After a morning of shopping and recreation at Broadway at the Beach, Donnie and I freshened the younger kids up and we headed for the restaurant. Right outside of Joe’s Crab Shack was a vendor who was selling these yelping toy dogs. Jessica desperately wanted one. I was about to say “Hell no”, but Jessica has this charm about her. I reluctantly took out my wallet, and purchased a toy fo for each of the younger kids. These dogs didn’t even come with batteries. It’s all about money. Sigh!

We made our way into the restaurant. I decided to have my family sit at one of the picnic tables outside. It was hot, but I figured that the kids would be too distracted by the playground.

After 20 minutes, we had still not seen a waiter. Julian and Joshua were starting to lose patience. I was too, but I understand that things can happen i food service.

The meltdowns started after another 20 minutes of waiting. Julian and Joshua started throwing tantrums on the ground. I started panicking. Donnie went to find a waitress. When Donnie returned, we were relocated to a table inside. The cool air felt heavenly!

We strapped Julian and Joshua into high chairs and gave them crayons and paper. Another 15 minutes passed, and we had still not seen a water. I was fed up. Julian and Joshua started crying again. This time, they refused consolation. I located a waiter and explained to her that I had autistic children and need to eat and go.

We finally got our drink order after an hour of waiting. Several waiters were scrambling to get our food orders. By then, there were crayons all over the floor, and the boys were screaming and failing. Donnie’s desperate attempts to console them were in vain. I was trying my best to avoid the stares that I felt, while reassuring my other children.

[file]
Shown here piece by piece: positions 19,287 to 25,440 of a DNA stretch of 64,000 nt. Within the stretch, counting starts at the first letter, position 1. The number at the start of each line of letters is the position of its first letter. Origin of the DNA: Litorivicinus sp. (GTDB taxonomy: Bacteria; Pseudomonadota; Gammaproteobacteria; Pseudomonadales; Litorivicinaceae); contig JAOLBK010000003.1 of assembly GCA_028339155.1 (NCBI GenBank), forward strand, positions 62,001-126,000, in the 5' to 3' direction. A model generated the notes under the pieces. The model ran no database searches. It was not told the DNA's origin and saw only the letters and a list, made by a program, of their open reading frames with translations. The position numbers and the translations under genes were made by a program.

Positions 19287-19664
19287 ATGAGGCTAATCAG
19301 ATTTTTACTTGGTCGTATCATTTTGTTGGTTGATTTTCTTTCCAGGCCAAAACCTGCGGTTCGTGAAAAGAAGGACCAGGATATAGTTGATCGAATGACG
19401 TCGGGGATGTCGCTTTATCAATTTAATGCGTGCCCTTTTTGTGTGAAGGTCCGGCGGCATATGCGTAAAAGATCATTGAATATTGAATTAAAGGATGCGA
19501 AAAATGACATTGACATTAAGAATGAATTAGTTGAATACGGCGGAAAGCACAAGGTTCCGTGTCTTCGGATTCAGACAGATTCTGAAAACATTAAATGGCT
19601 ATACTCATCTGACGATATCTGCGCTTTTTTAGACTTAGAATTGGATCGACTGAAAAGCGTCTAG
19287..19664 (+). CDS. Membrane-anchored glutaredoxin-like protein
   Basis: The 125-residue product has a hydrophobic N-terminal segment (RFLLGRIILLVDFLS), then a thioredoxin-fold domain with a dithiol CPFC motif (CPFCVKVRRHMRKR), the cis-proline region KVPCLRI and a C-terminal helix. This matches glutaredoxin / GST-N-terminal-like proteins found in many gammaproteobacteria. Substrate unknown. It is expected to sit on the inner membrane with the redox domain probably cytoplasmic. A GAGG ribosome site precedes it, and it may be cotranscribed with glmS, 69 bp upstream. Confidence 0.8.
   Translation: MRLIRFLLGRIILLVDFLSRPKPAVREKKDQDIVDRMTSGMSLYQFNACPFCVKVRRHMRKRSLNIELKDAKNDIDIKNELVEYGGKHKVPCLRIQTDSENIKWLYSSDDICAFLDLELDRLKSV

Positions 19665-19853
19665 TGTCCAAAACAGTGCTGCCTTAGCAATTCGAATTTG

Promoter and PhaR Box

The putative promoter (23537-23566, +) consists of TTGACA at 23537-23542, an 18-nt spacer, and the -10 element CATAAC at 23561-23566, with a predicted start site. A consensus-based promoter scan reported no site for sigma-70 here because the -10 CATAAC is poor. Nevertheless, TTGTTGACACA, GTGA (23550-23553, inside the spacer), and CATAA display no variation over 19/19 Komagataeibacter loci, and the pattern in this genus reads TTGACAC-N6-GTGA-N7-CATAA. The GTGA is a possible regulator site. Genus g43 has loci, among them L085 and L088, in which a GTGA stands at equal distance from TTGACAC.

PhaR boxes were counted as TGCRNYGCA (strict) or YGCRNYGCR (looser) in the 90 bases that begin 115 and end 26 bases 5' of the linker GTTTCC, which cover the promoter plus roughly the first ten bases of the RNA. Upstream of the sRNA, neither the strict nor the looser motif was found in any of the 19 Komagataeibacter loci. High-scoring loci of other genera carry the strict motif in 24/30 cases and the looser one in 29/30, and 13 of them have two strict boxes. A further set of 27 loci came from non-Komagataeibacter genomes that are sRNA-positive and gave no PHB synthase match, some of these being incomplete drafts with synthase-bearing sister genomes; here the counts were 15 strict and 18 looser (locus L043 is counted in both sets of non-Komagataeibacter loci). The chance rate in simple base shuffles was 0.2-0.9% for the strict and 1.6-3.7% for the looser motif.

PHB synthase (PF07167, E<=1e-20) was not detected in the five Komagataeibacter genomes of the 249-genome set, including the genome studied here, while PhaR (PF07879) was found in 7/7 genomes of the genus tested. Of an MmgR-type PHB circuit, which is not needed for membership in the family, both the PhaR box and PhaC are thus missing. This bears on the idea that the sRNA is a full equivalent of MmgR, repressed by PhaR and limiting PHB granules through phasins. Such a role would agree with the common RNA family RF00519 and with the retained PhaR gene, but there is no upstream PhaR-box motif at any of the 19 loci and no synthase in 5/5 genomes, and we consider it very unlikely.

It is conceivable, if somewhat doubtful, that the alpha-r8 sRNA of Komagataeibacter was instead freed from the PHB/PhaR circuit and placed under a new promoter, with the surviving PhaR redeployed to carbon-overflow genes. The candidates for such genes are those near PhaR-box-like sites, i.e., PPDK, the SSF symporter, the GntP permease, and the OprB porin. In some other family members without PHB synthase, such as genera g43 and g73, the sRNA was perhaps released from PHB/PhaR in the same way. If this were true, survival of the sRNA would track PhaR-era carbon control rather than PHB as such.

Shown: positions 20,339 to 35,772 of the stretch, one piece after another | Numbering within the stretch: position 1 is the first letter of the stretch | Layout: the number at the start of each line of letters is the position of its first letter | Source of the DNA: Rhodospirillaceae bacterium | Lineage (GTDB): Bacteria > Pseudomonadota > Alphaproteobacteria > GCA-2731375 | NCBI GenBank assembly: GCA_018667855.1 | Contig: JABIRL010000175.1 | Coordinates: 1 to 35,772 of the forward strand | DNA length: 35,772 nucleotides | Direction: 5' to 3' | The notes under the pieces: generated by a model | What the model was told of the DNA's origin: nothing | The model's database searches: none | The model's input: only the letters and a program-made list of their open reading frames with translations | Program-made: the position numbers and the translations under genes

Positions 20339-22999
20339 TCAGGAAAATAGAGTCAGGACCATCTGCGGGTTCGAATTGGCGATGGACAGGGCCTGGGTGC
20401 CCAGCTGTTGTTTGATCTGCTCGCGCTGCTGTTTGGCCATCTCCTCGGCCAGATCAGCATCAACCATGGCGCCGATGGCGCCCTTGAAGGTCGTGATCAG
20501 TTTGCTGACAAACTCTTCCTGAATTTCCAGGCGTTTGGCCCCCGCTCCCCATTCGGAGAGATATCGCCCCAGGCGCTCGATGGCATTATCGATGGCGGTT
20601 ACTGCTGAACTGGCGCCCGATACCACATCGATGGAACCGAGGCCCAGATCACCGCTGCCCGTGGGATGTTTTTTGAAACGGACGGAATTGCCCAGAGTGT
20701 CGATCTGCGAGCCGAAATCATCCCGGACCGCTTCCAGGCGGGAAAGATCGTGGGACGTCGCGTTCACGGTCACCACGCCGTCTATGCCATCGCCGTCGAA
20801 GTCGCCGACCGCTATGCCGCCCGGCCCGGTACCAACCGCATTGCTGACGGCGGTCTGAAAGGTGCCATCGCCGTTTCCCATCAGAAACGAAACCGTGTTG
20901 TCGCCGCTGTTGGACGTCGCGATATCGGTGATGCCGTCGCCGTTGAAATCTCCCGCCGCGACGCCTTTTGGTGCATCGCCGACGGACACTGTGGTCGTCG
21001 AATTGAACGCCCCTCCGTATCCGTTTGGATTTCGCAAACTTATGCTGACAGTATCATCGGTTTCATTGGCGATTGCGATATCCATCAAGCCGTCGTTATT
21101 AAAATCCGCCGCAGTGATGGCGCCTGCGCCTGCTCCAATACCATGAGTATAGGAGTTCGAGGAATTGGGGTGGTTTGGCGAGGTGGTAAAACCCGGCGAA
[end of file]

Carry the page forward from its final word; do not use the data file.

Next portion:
An idea clicked in my head. Julian kept throwing his crayons on the floor, so I thought to let the boys out of their chairs. I let them lay on the floor. That seemed to do the truck. They both began sorting the crayons. It was quiet. There were a lot of judgmental stares. I know people were thinking, “why would she let her kids lay down on that dirty ass floor?!” I get it. I would ha e thought the same thing years ago, but at that time I would’ve given anything for my boys to be content. God made soap and water, and God made washers and dryers. They were going to be fine.

We finally got our food and were able to eat. The food wasn’t anything special. It wasn’t anything that I couldn’t make at home. However, I wasn’t going to make that food at home, and I was just grateful to have food at that time.

Though Julian and Joshua had meltdowns, and our service wasn’t that great, I slapped that $20 tip on the table. No matter what happened, waiters have a difficult job, and my kids’ mess made it that much harder. We will never eat out again though(I’m probably lying).

If you are interested in jewelry, I sell paparazzi jewelry through my business, “Antonia’s Glamsc8pe”. Feed your $5.00 habit at my online store:

By Antonia Harris

A stay-at-home mom & dedicated wife on a path to find a purpose.